Two Afrikaner NGO’s, PRAAG and the Boereleed Research Institute have filed a request under the Promotion of Access to Information Act of 2000 with the South African Police Service for murder statistics broken down by population group.
According to Dr. Dan Roodt, director of PRAAG (Pro-Afrikaans Action Group), “there is widespread concern among members of ethnic minorities in South Africa about the high number of attacks and murders committed against them. Until now, no-one has requested this information and it has led to widespread speculation about the number of black-on-white murders committed since 1994”.
Under the act, the SAPS now has one month to supply the murder statistics. “We hope that the statistics will be accurate and up to date, as we have also received complaints that the police do not always open murder dockets and sometimes classify such crimes as housebreaking and other minor offences.”
According to informal internet polls, the majority of Afrikaners believe that murders are politically and racially motivated, even though a recent study by the Institute of Race Relations found that “only 2%” of black-on-white murders are of such a nature.
“Two percent might be a small percentage,” said Roodt, “but it still points to a serious amount of ethnic killings in South Africa, given our very high murder rate. Depending on the absolute number of interracial murders in South Africa, recent characterisations of farm murders as ‘genocide’ might be justified.”
Both Boereleed and PRAAG are worried about official attacks on Afrikaans schools. Roodt said: “In all the literature on ethnic conflict and genocide, language discrimination serves as an early-warning signal of such conflict. Afrikaans schools in the town of Fochville have recently been singled out for hostile action by the provincial education department. I am currently trying to get an appointment with Gauteng MEC for education Barbary Creecy to discuss the matter. If it is not defused, ethnic polarisation in Fochville might further escalate.”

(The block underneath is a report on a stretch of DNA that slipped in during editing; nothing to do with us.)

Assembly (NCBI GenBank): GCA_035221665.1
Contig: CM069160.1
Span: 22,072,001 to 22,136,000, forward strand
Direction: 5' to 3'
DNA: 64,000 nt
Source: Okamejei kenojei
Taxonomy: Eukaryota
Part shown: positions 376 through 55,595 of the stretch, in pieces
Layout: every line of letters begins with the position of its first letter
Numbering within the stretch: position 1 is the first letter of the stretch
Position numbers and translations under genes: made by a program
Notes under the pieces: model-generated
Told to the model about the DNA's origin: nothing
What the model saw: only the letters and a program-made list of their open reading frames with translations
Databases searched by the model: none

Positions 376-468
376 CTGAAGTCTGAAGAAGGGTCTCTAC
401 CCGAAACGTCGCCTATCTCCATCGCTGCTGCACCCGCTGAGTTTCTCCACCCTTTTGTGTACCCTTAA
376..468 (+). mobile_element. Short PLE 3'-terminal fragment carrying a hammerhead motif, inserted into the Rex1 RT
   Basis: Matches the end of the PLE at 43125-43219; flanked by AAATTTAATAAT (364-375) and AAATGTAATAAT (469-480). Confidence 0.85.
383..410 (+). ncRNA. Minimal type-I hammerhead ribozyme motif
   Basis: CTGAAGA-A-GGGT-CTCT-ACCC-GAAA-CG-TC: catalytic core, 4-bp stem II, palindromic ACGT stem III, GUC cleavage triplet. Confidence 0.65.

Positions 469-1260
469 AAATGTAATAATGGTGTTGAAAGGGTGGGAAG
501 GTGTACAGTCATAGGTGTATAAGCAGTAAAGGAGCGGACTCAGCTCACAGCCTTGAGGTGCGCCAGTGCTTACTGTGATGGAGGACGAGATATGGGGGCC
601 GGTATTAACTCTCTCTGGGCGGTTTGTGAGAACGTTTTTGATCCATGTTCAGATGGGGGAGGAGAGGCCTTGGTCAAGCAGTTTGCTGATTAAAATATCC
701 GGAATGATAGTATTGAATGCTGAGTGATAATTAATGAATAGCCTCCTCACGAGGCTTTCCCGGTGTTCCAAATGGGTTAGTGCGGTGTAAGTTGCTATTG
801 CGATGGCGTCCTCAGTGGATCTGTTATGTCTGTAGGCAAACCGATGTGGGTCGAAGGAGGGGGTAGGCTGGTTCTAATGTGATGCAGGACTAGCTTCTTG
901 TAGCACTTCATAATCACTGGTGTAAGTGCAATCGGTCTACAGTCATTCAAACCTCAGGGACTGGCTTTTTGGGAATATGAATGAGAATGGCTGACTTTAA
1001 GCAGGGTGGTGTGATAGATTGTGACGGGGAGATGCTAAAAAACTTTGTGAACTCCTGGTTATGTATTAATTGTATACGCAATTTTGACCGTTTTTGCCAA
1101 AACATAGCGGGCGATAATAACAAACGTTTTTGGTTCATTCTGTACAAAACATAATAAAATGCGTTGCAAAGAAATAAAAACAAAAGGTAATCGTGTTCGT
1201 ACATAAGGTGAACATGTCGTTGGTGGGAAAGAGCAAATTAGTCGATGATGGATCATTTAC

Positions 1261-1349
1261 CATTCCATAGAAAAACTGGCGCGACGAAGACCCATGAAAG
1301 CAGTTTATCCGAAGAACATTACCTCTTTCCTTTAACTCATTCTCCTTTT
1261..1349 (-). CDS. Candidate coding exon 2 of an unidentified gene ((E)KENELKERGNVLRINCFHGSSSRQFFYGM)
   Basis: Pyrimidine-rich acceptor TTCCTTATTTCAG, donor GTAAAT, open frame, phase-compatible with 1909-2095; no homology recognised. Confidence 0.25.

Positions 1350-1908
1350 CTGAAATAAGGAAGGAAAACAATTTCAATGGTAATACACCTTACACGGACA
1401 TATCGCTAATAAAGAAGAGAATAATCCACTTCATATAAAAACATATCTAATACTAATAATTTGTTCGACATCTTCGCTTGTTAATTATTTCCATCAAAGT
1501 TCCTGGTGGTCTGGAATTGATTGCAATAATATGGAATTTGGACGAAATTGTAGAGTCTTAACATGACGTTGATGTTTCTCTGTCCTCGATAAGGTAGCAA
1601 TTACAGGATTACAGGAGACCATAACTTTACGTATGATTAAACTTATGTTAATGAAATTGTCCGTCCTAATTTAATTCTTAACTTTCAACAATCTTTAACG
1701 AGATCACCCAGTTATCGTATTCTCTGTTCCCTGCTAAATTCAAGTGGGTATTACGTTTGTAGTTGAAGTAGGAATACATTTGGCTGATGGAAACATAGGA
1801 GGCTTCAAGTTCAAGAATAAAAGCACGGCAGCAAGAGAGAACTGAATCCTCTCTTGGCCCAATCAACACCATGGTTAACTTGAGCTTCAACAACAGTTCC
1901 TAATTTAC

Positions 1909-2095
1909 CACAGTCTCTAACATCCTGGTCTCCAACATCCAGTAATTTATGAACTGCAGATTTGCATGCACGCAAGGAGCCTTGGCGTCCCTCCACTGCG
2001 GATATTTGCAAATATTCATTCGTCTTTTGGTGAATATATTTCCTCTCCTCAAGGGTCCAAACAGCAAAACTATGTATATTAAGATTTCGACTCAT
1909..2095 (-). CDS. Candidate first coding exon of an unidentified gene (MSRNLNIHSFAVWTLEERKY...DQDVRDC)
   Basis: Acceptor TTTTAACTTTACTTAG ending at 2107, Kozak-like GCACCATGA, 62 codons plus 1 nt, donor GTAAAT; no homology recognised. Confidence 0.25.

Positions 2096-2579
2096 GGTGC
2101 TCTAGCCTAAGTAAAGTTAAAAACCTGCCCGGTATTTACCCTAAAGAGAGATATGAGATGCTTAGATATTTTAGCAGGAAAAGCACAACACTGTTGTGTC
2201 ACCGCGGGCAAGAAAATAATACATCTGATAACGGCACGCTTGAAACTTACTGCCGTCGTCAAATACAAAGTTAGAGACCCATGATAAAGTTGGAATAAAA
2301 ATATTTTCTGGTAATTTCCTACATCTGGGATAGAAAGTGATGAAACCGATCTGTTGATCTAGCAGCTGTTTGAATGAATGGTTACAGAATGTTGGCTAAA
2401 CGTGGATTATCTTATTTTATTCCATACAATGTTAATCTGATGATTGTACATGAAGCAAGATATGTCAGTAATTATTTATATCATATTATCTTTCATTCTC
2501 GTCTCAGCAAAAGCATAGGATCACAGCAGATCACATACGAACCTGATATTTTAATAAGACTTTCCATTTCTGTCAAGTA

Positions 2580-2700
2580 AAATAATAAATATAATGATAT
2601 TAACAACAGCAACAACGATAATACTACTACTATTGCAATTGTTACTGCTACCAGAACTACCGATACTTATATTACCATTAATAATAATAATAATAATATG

Last year PRAAG laid a charge of incitement to genocide at the International Criminal Court in The Hague against Mr. Julius Malema for singing the song, “Kill the Boer”. “Despite this song being illegal in terms of a court order, there is evidence that elements of the ruling party, including President Jacob Zuma, are still singing it,” said the PRAAG leader. “We will have to further alert the international community about the persecution of Afrikaners in South Africa.”